Dr. Alecia Kiszonas, USDA-ARS Research Biologist
Alecia Kiszonas is a Research Biologist for the USDA-ARS in the Western Wheat Quality Lab. She received her BA in Chemistry and Biology from Ripon College, her MS in Crop Production & Physiology from Iowa State University, and her PhD in Crop Science from Washington State University. Her research focuses on the genetics and biochemistry of wheat end-use quality. Additionally, she studies nutrition and product development. She holds adjunct status at WSU in the Department of Crop and Soil Sciences, as well as the School of Food Science at WSU/UofI.

Dr. Isaac Madsen, WSU Extension Agronomist
Isaac Madsen is the extension agronomist for the Washington Oilseeds Cropping System (WOCS) project and member of the Extension Dryland Cropping Systems Team. His research focuses on stand establishment and winter survival in winter canola as well as alternative cropping practices such as companion cropping and dual-purpose canola. While his primary focus is oilseeds, Isaac has also developed root imaging techniques for evaluating disease resistance in wheat genotypes. In addition to research, Isaac leads the WOCS extension efforts and teaches soil fertility and fertilizer management at WSU.

Dr. Craig Morris, USDA-ARS Western Wheat Quality Lab
Craig Morris has been the director of the Western Wheat Quality Laboratory since 1989. In his role, he supervises breeding line evaluation and conducts directed research on wheat quality traits. He holds adjunct professor appointments at WSU in the Department of Crop and Soil Sciences, the WSU/Univ. of Idaho School of Food Science, and at Colorado State Univ. Soil and Crop Sciences. He has served on the Board of Directors for AACCI, served three terms as Associate Editor for Cereal Chemistry, and is Editor-in-Chief Emeritus of Cereal Chemistry. Morris is chair and co-founder of the Pacific Northwest Wheat Quality Council, and a past member of the National Wheat Improvement Committee. He has published over 210 research papers, several book chapters, and been awarded six patents.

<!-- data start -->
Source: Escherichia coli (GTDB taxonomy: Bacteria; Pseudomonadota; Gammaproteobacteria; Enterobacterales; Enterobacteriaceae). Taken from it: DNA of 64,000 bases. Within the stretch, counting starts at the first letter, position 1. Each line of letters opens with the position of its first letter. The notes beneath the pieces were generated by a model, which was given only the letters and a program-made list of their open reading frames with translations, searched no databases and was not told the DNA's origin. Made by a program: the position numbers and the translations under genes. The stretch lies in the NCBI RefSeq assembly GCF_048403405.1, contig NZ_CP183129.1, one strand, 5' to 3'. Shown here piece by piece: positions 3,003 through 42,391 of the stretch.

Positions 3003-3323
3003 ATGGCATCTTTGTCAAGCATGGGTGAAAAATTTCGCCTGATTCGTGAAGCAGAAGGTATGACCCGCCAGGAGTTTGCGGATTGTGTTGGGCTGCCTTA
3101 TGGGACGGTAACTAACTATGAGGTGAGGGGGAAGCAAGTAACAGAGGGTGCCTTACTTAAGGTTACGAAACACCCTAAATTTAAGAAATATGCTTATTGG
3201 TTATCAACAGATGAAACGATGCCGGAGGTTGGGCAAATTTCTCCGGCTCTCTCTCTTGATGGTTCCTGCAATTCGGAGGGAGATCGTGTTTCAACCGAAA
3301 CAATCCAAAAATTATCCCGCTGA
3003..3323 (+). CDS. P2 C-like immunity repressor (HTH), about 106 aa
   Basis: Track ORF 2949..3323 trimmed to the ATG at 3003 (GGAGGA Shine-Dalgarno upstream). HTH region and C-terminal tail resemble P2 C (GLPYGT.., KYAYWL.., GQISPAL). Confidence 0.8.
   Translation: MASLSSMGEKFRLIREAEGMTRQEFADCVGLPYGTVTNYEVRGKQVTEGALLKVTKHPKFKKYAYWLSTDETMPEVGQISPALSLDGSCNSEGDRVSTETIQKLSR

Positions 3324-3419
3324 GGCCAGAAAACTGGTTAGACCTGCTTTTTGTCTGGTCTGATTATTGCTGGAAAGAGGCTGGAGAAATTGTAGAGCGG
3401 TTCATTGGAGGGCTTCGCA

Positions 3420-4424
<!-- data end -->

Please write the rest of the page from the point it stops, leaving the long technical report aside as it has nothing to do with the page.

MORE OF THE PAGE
Dr. Timothy Murray, WSU Extension Plant Pathologist
Tim Murray is Professor and Chair of the Department of Plant Pathology. After teaching introductory plant pathology for 30 years, he joined the extension Dryland Cropping systems team in 2012. His research program focuses on the sustainable control of wheat diseases including eyespot, Cephalosporium stripe, and snow molds, with a focus on improving the effectiveness of disease resistance and managing soil pH. He is author of A Colour Handbook of Diseases of Small Grain Cereal Crops, and co-editor of The Encyclopedia of Plant Pathology and Compendium of Wheat Diseases and Pests, 3rd edition, and author of over 100 scientific publications.

Dr. Lyndon Porter, USDA-ARS, Grain Legume Genetics and Physiology Research Unit
Lyndon Porter is a Research Plant Pathologist with the USDA-ARS and has been working on pea, chickpea, lentil and bean diseases for the past 14 years. He received his Bachelor and Master Degrees in Conservation Biology and Botany, respectively from Brigham Young University and his doctorate degree in Plant Pathology from Washington State University. His research focuses on integrated pest management practices to manage diseases in legume crops.